Updated: Sep 2, 2020
“I’m too busy and don’t need more business: so why should I use social media?”
Last year, we sat down with a business owner interested in possibly hiring us to help them with their social media presence.
But, here was their sticking point: We are at capacity. We don’t want more business!
We don’t want to promote our services, and if we have a consistent social media presence, we’re worried it will increase inquiries.
Well, great problem to have, for the record.
But, it’s also a good chance to look at WHY you’re using social media for your business.
It depends on where you want to go with the business, but social media doesn’t necessarily have to translate to making business instantaneously.
First ask yourself: what are your business goals (and how can social media help with that?)
Write down two or three business goals, and then think about how you can use social media to help meet those goals. This exercise gives you clarity on why you’re using social media (other than, “because we think we should”).
Here are four business goal examples and how you would use social media (even when you don’t need to generate more business).
GOAL: We need to hire.
Social Media Tactic: Use it to show your work culture.
If you’re looking to fill positions with the company or you’re constantly having high turnover, maybe you need to tell your story better in order to attract qualified candidates. Social media is a great tool to showcase the work culture you have got going on. If you do potluck lunches, take Friday afternoons off in the summers, or loving sharing giphys as a team (guilty), then show that part of your business! Hiring is a two-way relationship, so you may attract the best person for the job once they see how the office/work location operates.
GOAL: We want to better connect with our community.
Social Media Tactic: Show your hometown pride.
Are you feeling a bit isolated from your community? Holed up in your office more days than you’d like? Missing your TGIF drinks at the pub? Even if you’re at capacity, but you have all the love for your community, use social media to demonstrate your support, engagement and commitment to the local area. It doesn’t mean you only post when you’re handing a giant cheque over to a local charity (though valid), you can also share and comment on local organization’s fundraisers and events, take photos of your favourite locals who help the business (your UPS driver, the local bakery), and share photos of your favourite spots in and around town. Great example? Susan Storie of Mariposa Design is a champion at supporting local businesses through her social media presence.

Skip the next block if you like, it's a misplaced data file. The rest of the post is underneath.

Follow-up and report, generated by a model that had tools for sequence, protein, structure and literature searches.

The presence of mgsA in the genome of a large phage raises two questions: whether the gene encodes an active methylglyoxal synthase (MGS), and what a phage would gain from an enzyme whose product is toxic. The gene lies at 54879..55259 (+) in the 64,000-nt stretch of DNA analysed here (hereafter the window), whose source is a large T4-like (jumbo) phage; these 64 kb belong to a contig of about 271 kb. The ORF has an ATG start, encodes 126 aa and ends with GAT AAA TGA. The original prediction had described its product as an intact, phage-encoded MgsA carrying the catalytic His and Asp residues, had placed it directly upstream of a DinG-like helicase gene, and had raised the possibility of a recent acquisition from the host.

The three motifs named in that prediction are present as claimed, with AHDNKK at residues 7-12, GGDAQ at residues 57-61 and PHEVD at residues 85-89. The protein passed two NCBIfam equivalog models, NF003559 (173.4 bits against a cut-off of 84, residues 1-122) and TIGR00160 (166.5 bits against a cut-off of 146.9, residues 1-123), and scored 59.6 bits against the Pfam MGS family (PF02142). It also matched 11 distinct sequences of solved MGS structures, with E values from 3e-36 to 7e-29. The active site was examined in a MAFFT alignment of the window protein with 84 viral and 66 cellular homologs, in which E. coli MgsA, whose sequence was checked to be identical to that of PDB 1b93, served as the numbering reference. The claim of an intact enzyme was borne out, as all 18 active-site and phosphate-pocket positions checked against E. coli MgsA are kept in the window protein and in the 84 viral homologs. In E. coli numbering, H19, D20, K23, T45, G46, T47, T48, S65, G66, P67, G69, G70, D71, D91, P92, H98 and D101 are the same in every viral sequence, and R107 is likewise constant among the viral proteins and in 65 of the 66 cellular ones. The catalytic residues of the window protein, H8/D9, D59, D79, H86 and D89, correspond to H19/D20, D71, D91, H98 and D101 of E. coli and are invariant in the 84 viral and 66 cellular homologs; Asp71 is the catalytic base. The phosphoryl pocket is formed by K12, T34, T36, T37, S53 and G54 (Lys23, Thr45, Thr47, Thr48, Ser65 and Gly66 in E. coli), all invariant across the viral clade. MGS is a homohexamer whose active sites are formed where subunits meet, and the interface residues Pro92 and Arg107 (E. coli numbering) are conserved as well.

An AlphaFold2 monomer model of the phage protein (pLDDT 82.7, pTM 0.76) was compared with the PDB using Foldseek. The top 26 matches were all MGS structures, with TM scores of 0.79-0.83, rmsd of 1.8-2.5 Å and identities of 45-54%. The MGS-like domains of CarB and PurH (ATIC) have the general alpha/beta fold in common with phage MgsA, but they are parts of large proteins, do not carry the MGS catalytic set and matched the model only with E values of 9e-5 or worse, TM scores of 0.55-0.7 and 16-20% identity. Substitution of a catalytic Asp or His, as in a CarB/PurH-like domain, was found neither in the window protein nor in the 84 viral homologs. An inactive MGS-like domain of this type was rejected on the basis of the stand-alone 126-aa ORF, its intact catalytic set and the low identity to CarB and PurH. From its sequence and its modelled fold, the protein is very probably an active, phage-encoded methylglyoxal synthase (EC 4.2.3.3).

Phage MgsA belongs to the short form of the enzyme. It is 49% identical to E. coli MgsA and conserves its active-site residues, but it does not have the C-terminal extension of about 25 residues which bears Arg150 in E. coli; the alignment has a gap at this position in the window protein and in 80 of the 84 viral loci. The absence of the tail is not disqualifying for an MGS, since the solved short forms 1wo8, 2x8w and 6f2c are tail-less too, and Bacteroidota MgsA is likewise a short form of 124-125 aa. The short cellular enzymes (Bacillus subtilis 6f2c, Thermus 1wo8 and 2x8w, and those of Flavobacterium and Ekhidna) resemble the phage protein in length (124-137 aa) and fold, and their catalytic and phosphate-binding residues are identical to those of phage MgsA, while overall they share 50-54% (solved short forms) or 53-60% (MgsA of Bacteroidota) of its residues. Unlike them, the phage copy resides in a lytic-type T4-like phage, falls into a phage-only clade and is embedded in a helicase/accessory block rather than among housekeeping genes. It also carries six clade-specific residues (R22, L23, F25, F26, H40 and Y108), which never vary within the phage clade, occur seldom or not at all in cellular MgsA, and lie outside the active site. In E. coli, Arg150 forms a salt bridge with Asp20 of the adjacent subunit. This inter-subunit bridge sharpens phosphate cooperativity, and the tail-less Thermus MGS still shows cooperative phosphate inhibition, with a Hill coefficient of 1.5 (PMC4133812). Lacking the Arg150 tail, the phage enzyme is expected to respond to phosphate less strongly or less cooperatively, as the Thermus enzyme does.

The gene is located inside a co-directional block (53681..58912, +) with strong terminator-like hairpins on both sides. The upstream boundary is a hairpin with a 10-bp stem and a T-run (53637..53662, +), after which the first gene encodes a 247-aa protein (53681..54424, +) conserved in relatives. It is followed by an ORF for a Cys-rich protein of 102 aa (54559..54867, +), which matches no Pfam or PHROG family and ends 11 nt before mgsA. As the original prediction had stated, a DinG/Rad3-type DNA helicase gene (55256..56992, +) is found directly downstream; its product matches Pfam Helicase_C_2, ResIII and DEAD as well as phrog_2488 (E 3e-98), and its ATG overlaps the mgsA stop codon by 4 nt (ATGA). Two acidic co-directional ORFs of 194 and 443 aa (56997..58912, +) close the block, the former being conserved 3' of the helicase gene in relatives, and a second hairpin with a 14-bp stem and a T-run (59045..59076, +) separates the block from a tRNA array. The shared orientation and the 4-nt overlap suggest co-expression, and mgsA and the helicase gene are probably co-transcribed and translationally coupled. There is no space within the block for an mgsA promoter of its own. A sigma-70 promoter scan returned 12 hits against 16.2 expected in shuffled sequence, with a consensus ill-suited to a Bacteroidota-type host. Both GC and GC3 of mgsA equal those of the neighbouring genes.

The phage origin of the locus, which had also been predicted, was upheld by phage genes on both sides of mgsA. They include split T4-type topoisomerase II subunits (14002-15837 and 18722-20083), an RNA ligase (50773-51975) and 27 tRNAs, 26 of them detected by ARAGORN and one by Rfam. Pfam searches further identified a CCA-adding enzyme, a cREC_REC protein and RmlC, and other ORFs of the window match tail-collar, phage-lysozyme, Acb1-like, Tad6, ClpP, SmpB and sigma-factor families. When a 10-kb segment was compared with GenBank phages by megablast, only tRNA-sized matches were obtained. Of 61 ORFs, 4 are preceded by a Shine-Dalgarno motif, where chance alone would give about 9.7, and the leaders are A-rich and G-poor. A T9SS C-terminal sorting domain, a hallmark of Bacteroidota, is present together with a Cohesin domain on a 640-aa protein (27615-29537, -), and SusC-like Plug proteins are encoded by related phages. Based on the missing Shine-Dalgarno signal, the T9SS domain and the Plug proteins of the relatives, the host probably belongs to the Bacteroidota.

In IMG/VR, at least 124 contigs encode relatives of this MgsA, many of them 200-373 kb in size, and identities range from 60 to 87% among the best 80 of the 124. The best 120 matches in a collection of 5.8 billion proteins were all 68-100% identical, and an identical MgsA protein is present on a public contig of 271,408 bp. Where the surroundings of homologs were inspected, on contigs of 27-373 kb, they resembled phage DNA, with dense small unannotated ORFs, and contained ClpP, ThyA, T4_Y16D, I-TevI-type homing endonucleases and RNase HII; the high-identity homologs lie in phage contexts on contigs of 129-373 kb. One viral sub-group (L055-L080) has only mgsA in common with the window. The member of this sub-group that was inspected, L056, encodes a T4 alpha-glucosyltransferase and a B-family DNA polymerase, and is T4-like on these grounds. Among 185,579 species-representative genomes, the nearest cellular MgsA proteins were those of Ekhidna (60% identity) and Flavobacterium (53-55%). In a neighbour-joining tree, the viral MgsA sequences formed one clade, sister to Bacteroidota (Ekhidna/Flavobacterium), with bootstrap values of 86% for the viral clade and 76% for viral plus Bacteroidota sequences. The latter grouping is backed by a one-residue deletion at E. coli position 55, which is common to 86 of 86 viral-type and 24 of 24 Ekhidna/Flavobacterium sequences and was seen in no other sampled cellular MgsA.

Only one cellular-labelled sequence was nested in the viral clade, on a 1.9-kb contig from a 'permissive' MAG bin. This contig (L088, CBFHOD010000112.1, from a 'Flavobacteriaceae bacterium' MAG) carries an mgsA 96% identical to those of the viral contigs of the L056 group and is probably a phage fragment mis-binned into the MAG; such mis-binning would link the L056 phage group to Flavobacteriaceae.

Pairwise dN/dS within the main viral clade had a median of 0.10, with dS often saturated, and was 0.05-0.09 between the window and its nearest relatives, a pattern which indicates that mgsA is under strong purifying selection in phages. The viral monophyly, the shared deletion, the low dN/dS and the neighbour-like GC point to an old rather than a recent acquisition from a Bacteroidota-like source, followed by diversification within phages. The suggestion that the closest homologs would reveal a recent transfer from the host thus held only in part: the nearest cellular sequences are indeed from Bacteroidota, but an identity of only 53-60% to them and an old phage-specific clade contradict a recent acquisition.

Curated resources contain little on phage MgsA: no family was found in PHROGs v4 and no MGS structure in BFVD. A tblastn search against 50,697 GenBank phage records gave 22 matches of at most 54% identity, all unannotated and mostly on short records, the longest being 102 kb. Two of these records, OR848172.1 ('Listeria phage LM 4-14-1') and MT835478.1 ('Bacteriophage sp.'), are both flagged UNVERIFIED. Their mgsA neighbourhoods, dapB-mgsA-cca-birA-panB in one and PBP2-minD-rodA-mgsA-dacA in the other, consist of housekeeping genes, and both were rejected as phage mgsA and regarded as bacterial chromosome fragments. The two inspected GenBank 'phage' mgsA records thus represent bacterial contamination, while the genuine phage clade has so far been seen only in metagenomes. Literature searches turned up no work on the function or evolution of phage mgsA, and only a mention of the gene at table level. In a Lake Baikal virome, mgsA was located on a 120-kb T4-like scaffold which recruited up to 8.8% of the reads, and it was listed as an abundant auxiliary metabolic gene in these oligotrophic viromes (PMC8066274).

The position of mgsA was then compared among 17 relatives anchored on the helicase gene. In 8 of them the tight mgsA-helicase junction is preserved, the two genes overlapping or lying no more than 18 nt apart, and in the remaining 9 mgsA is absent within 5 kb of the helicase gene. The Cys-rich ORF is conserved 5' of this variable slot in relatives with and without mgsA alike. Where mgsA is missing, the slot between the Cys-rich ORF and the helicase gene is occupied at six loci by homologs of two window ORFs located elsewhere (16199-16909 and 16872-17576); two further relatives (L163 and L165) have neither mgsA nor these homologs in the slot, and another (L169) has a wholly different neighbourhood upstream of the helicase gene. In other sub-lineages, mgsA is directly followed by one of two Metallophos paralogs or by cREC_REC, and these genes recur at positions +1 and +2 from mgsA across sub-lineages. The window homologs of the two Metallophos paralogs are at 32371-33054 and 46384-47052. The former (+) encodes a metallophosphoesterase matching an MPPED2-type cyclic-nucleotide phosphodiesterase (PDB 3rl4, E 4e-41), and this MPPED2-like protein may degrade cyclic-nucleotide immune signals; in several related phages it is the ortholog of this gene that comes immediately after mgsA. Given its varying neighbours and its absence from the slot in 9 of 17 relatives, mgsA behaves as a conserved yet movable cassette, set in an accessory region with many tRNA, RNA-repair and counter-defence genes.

GOAL: We want to pivot/change/expand the business in the future.
Social Media Tactic: Connect with industry leaders through social media.
Let’s say you run a kayak rental shop by the water. Most customers usually come for day trips and rent by the hour. You’re so swamped each day, you can hardly keep up. But, you need to make a bigger profit and reduce your burn out. You’re ready to switch gears with what you’ve already got.
You have an idea for a business pivot: you want to start to create guided tours packages that sell for more and require less customer management. You see that gap, but don’t know where to start.
Use social media to research and start to connect with others operating similar business models. Send them direct messages, asking for a phone call or coffee to pick their brains. Also, join relevant Facebook groups or look up relevant hashtags to see what else is out there. This isn’t an opportunity to steal ideas; rather, it’s a chance to connect with a community that already exists and can provide opportunities for mentorship, connection and support – that will help you transition in a smooth way.
GOAL: You want a new kind of customer.
Social Media Tactic: Try out a new social media platform.
If you’ve been dealing with and attracting crappy clients for a long time, we bet you’re tired. Great news: you can shift your client base using social media marketing!
Here’s what we mean: let’s say you’re an accountant and majority of your clients are high-needs entrepreneurs who never get back to you. They exhaust you, but you’re grateful for the work. However, you’ve always wanted to work with organizations and not-for-profits. Well, these players are usually hanging out on Twitter and LinkedIn as opposed to Facebook and Instagram. Start to create activity on Twitter, interact with these ideal clients by commenting on their posts, and provide value with well-written LinkedIn Articles – and you’ll start to see a shift in inquiries, ultimately allowing you to respectfully break up with the clients you don’t like working with today.
These are just a few examples of how you can use social media to shift your business – even if you’re swamped, haven’t sat down for lunch since Saturday, and don’t remember your dog’s name (it’s Teddy). Ultimately, you have control over your busyness, and maybe social media can help you solve that problem.